Today, September 29, is the day the SNES Classic was released, and unlike other unmentionable “brand X” websites, we aren’t going to preface this news story with the assumption that you found one. As this weary reporter knows all too well the pain of getting up at an ungodly hour, racing to Target, and finding all 70 of their shipped units vanished in seconds, I share your pity.
Nintendo has vowed to ship “significantly more” SNES Classic machines than they did NES Classics, as well as reprint the NES Classic sometime next year. Wondering how they can bring it back so fast? It most likely has to do with what Eurogamer found when they screwed open the complimentary prerelease SNES Classic Nintendo sent them. Inside was a circuit board identical to the NES Classic’s. The only difference was what was loaded on the ROM.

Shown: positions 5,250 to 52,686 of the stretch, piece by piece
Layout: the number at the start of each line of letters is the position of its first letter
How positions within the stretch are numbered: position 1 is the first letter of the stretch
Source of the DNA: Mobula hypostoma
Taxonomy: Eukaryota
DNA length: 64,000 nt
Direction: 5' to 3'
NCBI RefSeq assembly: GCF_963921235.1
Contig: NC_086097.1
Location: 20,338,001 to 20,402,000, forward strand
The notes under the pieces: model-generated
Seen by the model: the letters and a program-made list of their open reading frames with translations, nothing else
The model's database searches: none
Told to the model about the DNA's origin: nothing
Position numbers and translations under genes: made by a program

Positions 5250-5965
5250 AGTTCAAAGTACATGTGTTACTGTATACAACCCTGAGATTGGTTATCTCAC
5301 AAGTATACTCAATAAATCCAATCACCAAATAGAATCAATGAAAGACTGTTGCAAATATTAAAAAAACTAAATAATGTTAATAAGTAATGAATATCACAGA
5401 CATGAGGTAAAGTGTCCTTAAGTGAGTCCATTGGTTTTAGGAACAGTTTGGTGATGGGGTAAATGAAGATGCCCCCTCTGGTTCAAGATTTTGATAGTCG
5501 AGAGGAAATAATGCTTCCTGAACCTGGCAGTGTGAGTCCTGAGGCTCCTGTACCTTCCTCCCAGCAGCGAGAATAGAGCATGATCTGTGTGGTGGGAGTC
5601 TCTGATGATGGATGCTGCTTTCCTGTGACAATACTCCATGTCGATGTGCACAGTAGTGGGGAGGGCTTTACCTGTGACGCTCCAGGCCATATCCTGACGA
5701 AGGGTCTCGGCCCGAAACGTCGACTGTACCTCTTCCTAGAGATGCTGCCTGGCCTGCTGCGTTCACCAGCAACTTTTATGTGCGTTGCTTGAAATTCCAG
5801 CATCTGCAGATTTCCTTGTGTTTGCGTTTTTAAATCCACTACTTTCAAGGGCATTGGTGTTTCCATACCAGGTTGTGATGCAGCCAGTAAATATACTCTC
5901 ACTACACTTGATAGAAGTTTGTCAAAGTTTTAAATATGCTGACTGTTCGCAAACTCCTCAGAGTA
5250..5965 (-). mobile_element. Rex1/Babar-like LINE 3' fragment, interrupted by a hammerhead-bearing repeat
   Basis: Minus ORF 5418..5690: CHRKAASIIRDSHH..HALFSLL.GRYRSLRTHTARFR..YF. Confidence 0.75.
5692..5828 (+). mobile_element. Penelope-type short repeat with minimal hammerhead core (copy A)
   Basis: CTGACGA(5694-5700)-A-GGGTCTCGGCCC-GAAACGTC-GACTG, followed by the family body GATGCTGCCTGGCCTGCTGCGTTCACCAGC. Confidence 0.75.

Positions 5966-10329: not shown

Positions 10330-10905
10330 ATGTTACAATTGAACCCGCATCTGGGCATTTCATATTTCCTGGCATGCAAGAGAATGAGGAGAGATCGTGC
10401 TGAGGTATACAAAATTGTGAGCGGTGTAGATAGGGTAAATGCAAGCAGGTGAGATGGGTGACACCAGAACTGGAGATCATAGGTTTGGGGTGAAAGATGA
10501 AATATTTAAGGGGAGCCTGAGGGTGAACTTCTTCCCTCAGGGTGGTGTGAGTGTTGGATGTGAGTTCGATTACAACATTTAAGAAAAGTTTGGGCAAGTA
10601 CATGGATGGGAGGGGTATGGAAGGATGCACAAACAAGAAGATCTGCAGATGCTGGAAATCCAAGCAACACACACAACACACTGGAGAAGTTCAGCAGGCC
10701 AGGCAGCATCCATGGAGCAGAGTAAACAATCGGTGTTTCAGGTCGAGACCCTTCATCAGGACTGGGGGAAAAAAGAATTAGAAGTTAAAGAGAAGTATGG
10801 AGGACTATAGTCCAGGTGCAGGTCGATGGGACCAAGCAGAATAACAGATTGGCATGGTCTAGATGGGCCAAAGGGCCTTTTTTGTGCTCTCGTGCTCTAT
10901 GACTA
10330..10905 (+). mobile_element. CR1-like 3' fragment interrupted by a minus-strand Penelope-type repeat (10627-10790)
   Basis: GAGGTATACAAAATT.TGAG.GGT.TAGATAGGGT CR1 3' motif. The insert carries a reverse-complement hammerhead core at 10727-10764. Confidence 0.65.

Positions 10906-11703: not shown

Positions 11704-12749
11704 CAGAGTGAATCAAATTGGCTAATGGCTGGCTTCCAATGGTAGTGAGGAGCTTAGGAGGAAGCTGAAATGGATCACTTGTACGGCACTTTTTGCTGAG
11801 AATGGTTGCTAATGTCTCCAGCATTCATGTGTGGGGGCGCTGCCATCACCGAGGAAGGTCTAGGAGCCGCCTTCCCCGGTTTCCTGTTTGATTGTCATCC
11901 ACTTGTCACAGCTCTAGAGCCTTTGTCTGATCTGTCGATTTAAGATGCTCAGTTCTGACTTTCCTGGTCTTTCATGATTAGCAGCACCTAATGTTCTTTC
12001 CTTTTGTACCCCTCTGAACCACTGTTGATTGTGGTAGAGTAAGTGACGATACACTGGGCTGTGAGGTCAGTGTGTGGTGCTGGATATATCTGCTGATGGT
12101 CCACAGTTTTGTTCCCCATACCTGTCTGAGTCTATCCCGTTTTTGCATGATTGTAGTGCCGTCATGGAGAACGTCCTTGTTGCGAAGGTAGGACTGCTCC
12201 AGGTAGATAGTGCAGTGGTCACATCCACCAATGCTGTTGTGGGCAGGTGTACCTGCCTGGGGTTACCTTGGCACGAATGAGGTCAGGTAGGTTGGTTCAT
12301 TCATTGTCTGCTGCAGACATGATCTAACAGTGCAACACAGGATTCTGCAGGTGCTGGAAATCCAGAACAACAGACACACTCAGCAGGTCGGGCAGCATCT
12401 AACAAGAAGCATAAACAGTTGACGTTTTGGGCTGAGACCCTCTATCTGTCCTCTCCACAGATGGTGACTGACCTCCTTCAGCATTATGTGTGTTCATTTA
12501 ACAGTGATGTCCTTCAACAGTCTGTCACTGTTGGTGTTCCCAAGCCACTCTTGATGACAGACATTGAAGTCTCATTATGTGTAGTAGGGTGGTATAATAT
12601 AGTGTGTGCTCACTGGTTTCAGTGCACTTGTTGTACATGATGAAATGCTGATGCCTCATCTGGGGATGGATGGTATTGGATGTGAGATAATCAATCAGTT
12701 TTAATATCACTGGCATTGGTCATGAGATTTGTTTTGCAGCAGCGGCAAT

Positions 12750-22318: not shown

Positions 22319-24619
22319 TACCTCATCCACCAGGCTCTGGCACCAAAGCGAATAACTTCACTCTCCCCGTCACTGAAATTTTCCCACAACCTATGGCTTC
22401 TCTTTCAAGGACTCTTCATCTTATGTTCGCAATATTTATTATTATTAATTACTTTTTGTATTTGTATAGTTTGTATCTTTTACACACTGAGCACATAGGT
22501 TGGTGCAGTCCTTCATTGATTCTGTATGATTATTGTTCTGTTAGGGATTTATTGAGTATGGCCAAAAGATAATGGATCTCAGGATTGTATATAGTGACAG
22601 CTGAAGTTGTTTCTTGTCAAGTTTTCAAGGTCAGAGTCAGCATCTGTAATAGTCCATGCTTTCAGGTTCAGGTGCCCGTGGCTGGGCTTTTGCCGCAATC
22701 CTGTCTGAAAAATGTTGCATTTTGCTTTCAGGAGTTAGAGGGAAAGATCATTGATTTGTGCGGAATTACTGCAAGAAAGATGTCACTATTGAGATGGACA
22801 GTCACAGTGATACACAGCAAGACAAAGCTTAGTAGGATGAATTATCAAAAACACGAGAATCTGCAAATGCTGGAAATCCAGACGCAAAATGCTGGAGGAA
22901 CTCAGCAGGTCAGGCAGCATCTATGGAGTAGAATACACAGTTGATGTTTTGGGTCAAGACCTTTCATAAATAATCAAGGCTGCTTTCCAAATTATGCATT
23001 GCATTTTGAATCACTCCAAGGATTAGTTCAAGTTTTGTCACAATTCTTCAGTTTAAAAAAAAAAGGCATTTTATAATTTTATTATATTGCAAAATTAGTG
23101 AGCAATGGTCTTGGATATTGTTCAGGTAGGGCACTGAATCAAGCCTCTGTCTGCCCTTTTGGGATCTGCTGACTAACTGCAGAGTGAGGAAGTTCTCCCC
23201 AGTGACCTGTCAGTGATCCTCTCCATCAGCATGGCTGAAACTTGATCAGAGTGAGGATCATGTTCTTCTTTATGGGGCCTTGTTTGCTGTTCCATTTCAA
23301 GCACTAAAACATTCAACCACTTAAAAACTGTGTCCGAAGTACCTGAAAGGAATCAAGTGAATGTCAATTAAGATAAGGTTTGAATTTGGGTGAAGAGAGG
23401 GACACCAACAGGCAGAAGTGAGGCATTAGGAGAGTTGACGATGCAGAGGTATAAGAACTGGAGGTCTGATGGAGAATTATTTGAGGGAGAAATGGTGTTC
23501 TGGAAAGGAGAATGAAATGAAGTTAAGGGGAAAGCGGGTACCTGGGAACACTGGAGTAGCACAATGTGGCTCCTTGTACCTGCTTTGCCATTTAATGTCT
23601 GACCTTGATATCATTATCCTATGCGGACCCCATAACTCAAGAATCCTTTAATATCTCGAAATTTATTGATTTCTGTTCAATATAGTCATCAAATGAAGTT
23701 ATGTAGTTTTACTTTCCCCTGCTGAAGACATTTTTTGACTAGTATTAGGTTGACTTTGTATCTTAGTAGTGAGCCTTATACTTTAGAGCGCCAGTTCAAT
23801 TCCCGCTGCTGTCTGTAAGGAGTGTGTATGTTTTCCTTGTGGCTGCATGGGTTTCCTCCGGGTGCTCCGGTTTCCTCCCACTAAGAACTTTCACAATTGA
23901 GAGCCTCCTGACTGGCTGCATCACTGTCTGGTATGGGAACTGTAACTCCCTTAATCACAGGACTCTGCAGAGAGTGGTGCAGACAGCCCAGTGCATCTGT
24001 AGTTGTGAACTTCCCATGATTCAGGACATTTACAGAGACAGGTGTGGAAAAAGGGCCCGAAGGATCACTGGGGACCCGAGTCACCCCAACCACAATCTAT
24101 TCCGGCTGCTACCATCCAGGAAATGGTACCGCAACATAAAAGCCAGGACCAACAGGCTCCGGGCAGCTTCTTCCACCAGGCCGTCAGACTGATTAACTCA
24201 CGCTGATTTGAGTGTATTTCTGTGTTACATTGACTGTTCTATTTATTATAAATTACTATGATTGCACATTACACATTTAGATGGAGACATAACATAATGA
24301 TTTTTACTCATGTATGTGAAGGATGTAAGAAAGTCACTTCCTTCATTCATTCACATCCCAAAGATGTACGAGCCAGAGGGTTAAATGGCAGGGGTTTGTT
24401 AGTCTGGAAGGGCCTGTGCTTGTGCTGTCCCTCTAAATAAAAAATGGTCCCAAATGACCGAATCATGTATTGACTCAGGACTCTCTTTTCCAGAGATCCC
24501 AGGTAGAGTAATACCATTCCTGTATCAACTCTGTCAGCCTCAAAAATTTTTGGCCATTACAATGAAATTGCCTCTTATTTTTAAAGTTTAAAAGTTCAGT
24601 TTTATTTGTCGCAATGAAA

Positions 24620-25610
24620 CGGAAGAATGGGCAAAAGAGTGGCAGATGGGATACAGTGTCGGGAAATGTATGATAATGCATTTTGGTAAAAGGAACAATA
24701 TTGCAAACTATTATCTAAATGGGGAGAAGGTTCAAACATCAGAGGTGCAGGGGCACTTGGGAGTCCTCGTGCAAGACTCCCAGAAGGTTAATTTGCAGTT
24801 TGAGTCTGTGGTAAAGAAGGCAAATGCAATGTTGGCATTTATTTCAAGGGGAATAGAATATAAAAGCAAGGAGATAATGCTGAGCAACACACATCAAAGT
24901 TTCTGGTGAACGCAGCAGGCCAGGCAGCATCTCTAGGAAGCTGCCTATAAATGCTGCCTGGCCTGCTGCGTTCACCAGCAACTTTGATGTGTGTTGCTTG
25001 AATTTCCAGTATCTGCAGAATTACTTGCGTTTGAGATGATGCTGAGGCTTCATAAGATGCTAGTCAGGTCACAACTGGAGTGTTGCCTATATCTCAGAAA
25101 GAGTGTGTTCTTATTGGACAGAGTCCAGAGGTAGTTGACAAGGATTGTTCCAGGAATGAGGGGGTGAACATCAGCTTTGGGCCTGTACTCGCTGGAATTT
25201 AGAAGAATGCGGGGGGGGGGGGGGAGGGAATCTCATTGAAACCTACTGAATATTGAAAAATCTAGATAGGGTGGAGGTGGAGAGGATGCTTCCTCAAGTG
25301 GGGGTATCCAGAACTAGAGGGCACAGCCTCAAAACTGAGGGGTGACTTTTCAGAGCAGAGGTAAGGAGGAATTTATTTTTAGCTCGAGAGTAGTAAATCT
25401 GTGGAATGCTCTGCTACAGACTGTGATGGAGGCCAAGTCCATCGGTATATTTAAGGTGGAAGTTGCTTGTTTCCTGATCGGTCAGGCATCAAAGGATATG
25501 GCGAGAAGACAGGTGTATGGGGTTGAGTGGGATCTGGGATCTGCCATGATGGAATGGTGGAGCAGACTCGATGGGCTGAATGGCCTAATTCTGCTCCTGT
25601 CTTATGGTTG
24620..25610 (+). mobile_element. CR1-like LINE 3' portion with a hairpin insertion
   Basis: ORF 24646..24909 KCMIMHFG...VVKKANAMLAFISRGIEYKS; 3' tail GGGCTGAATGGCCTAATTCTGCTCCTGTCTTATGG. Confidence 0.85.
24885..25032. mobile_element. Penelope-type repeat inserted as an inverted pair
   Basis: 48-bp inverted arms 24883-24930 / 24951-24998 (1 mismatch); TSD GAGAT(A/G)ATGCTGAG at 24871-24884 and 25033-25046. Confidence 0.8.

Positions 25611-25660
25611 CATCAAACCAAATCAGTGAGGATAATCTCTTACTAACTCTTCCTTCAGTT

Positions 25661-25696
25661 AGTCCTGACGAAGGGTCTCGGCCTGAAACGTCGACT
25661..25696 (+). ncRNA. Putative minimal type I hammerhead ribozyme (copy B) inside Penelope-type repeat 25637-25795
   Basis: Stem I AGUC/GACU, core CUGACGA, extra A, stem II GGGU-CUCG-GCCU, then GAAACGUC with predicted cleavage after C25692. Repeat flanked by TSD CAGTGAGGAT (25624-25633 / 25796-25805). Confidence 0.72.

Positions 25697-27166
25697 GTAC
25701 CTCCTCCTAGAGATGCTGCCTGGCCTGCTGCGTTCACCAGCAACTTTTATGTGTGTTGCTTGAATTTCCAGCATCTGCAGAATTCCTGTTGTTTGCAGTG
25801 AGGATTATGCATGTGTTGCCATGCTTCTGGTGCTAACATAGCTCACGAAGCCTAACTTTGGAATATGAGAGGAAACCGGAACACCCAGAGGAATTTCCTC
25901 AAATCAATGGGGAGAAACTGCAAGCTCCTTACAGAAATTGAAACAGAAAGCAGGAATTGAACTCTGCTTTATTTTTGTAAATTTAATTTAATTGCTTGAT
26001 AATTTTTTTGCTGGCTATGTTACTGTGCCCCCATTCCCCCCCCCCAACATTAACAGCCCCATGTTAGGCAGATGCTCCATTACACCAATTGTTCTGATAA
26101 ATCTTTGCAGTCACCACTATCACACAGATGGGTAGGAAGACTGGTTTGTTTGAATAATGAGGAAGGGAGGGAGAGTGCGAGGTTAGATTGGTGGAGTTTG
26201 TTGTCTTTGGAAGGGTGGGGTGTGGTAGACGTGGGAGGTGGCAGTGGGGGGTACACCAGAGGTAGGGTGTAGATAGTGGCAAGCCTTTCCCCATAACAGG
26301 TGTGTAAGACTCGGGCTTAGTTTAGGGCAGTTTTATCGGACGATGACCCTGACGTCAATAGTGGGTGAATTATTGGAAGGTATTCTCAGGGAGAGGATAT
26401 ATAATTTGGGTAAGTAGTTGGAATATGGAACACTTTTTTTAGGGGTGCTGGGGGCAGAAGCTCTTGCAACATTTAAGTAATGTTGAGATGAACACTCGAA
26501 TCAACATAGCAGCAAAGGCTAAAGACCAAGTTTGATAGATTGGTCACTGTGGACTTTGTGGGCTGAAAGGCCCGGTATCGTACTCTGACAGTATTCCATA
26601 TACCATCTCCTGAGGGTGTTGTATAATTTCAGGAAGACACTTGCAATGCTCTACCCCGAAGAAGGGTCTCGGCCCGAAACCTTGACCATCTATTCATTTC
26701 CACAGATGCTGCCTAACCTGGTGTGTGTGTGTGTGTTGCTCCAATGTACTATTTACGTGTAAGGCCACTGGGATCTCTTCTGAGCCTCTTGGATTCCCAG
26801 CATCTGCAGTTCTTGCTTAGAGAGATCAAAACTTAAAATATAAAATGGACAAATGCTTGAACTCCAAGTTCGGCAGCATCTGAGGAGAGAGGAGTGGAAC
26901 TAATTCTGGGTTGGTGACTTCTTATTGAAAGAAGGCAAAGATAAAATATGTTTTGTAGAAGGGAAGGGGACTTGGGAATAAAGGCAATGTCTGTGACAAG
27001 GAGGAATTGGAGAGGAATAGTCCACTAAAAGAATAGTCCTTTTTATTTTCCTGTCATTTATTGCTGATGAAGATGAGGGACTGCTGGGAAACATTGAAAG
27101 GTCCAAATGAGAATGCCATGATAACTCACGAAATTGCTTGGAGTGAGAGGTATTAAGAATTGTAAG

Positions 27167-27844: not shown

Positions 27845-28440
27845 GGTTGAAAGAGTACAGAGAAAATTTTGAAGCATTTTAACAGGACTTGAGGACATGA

“The fact that the SNES mini runs on the same hardware as its predecessor has a number of implications,” said Eurogamer, mentioning how switching from SNES to NES at the factory would probably just require flipping a switch and hitting a button. They also guessed (correctly) that the SNES Classic would be just as hackable.
So you may be asking: if the guts are the same, why is this device twenty bucks more expensive?? ….Licensing. An extra controller. Longer cables. It all adds up. But it also has us wondering if one could buy an NES Classic and dump the SNES Classic coding into the ROM chip, saving about twenty bucks at the counter. Unfortunately, we’d have to wait until at least Summer 2018 for that to be a practical solution.